This is the Arminian system; and let the reader be conjured to put it to the torture, and try its metal. With the exception of the third step, now become doubly suspicious, I do believe that it will stand the most rigorous investigation that can be given. I can only speak for myself, and must say this system appears to me, with the single exception mentioned, to be one of the most gigantic efforts of human genius. Neither St. Paul's at London, nor St. Peter's at Rome, nor any other basilic, ancient or modern, exhibits such grandeur of design, such proportion of parts, such powerful combinations, such totality, as this system. I do not believe the system to be true; and therefore I wonder at it the more; what painful researches ; what troublesome objections; what searching of the Scriptures; what textual difficulties; what verbal niceties; and yet after all the structure is finished off, and covered in with so bold and awful a dome, that we gaze with wonder and with terror, and ask if the architect was a man! But wonder at what we may, it is no wonder at all that the heads which put this system together should hitherto have double distanced all competitors on the field of moral science. I speak of it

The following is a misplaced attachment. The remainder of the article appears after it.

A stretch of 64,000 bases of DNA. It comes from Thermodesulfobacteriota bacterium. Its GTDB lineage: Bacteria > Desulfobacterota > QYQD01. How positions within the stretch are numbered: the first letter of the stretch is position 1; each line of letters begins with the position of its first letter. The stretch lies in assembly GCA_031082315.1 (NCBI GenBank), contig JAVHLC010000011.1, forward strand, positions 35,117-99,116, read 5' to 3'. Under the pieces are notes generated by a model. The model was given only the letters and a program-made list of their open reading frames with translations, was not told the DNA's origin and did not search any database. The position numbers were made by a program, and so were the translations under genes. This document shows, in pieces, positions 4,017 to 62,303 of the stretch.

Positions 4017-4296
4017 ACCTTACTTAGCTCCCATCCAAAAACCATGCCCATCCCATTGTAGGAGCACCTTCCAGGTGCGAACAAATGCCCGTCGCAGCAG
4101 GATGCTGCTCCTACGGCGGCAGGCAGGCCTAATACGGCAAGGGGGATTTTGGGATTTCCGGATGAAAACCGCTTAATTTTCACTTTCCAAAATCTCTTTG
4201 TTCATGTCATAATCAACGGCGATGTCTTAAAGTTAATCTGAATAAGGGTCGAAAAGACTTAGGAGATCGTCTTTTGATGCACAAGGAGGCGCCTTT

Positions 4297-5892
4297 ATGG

merely as a system; it is possible to better it all around with texts of Scripture; but if its elemental principles be granted, it will be impossible to find a flaw in the the arguments.
Let us advert to one curious circumstance, which shows the struggle of sound faith with false philosophy. The Arminian has often been puzzled with the question, why, seeing you maintain universal atonement and universal grace, do you not also admit universal salvation? And he certainly would have, according to fair reasoning, to have admitted universal salvation, had not his faith hedged him in. He saw in the Scriptures that all men will not be saved; and admitting this among his elemental truths; he had to part with the redemptional universalist. His task became more difficult; but his system became grander, and more complex.